Using art as therapy for orphans and vulnerable children

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Footsteps 101 - Caring for orphans

Includes case studies, children’s activities and a moving interview about growing up in a children’s home.

Using art as therapy for orphans and vulnerable children

by Julie Hefti 

Creating art and talking about it can help children heal from difficult experiences. Activities can include drawing, painting, modelling, collage and any other type of art. The activities below can help orphans and vulnerable children to express their emotions, grow in self-esteem and work through difficult memories. 

The caregiver needs to listen well, to express understanding and to offer full acceptance and love. It is important to be sensitive to how much a child wants to share. The atmosphere should be relaxed and friendly, and children should have fun while doing the activities (eg using different colours and materials). 

Before you start 

Find out the details of a trained local counsellor who works with children. If children show signs of distress, stop the activity, comfort them and consider arranging for them to meet with the counsellor. 

Illustration: Amy Levene/Wingfinger

Idea 1: The safe place 

A good place to start with children who have experienced something traumatic is to get them to draw a ‘safe place’. This activity is also useful for children who are becoming anxious. 

Encourage the child to close his eyes and imagine a place where he feels very safe. This could be a real or imaginary place. Give him plenty of time to imagine this place; this might be difficult for recently traumatised children. Tell him that only the people he wants are there, and nothing bad can happen to him. Ask questions to help him create an image of the place, such as, ‘Have a look around. What do you see? What do you smell? What do you hear? You are very happy and safe… What are you doing?’ Ask ‘What else?’ to encourage the child to give more details. When the child has finished imagining the place, he could draw or create it with colouring pens, pencils, paints or different materials. Encourage him to remember this place and think of it when he feels afraid or sad. 

Illustration: Amy Levene/Wingfinger

Idea 2: That’s me! 

This activity can help strengthen a child’s sense of identity and build self-esteem

Get the child to look in a mirror. While she is still looking, ask the following questions: 

  • What do you see? 
  • Who created you? 
  • How many people in the world look exactly like you? (Point out that God created the child in a unique and special way. Tell her that everything from the hands of God is good and beautiful – including the child.) 
  • What do you look like? Can you describe yourself? 
  • What do you like about yourself? What is special? 

Then create a piece of artwork with the child on this theme. Here are some ideas, but feel free to think of your own. 

  • Using non-toxic paint or ink, get the child to make a handprint in the middle of a piece of paper. Alternatively, the child can draw around her hand and colour it in. 
  • Ask the child to write on or around the handprint, ‘I am unique.’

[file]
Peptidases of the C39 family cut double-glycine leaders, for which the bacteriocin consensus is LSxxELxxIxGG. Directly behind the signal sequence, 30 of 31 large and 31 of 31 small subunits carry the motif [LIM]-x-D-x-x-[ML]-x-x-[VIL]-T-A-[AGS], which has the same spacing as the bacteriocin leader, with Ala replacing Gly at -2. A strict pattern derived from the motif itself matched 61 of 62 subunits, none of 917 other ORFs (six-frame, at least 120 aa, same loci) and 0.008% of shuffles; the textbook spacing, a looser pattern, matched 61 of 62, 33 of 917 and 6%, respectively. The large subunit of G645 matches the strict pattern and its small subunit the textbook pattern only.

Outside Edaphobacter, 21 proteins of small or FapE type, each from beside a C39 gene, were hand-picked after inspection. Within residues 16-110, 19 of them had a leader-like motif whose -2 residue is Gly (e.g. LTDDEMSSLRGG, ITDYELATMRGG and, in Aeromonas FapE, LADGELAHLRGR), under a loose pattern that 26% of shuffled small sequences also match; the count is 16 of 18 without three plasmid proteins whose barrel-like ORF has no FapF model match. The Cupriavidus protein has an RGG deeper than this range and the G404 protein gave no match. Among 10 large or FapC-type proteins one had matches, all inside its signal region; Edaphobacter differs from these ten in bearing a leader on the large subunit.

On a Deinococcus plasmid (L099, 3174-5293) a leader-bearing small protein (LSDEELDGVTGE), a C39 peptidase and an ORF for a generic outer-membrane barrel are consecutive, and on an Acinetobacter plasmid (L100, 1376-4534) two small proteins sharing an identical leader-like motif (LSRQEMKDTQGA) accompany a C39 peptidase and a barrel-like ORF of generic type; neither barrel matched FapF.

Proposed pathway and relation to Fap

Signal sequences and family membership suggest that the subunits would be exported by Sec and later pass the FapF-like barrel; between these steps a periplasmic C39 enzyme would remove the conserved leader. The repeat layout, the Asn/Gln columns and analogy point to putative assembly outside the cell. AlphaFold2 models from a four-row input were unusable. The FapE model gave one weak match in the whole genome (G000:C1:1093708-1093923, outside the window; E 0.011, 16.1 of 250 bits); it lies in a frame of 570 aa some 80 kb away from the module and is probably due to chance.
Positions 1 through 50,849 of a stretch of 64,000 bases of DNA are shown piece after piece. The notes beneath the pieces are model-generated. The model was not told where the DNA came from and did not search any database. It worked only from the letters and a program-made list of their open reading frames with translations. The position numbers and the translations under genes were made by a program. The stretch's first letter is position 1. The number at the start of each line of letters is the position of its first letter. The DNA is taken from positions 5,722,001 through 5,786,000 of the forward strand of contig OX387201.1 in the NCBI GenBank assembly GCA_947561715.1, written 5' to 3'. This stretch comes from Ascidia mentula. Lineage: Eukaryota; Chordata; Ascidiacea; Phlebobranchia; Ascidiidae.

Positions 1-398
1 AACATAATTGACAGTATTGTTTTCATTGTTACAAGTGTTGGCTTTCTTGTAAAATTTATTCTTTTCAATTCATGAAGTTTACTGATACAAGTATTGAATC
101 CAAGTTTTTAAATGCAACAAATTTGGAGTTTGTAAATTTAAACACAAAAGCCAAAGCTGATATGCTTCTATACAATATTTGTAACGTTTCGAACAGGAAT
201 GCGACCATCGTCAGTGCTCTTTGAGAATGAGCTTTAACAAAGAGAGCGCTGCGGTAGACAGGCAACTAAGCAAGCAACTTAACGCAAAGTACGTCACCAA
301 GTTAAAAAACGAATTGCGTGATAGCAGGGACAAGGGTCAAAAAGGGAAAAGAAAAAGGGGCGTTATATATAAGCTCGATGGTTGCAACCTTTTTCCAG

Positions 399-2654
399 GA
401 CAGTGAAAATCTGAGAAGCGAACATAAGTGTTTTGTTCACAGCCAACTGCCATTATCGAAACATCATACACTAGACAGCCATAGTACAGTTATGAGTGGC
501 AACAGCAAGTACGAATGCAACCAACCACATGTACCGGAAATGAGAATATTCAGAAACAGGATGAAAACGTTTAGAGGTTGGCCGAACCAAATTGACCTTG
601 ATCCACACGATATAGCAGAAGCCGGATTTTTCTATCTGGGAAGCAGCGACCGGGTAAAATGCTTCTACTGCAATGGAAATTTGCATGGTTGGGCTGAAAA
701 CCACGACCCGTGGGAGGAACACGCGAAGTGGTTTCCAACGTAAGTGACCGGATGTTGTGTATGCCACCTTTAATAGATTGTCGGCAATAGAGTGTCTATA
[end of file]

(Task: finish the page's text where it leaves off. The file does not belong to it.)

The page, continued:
• Encourage the child to write on every finger of the hand the things she likes about herself. 
  • Measure the child and write the result on the paper with the date. 
  • Get the child to glue a strand of her hair to the paper. 

This can be part of a set of art activities on themes such as ‘Where I’m from’, ‘Friendships’ and ‘My hopes for the future’. Children can collect these into a folder and decorate the cover.

Idea 3: Changing the memory 

This activity can help children to deal with frightening things that have happened in their life. 

Simply allowing children to draw or paint whatever they choose, and showing interest in what they create, will help them express their thoughts and feelings. Ask questions such as, ‘Tell me about your picture’, ‘Who is in it?’ and ‘What are they doing?’ If this reveals the child is feeling afraid, you can use the following activity. 

Tell the child a story about people or animals who were very afraid of something. In the midst of this situation, something happened that brought them out of danger. Perhaps another person or animal came along and so their fear disappeared. (An example from the Bible is the story of Jesus calming the storm when the disciples were afraid.) 

Go back to the picture the child drew of the situation where he felt afraid. Ask him what helped him in this situation and how his fear left. If the child cannot think of anything that helped, encourage him to imagine something by asking, ‘What would have helped you?’ Ask the child to draw this person or thing that helped onto the picture, so that it changes the memory. 

Illustration: Amy Levene/Wingfinger

Julie Hefti studied therapeutic recreation and has worked with children in foster care. She has also worked in Kenya with traumatised Maasai girls, in Switzerland with drug users, and in Jordan in a pre-school for Syrian refugee children. Email: ps9213@googlemail.com 

Illustrations: Amy Levene/Wingfinger

Julie Hefti
Julie Hefti studied therapeutic recreation and has worked with children in foster care. She has also worked in Kenya with traumatised Maasai girls, in Switzerland with drug users, and in Jordan in a pre-school for Syrian refugee children. Email: ps9213@googlemail.com.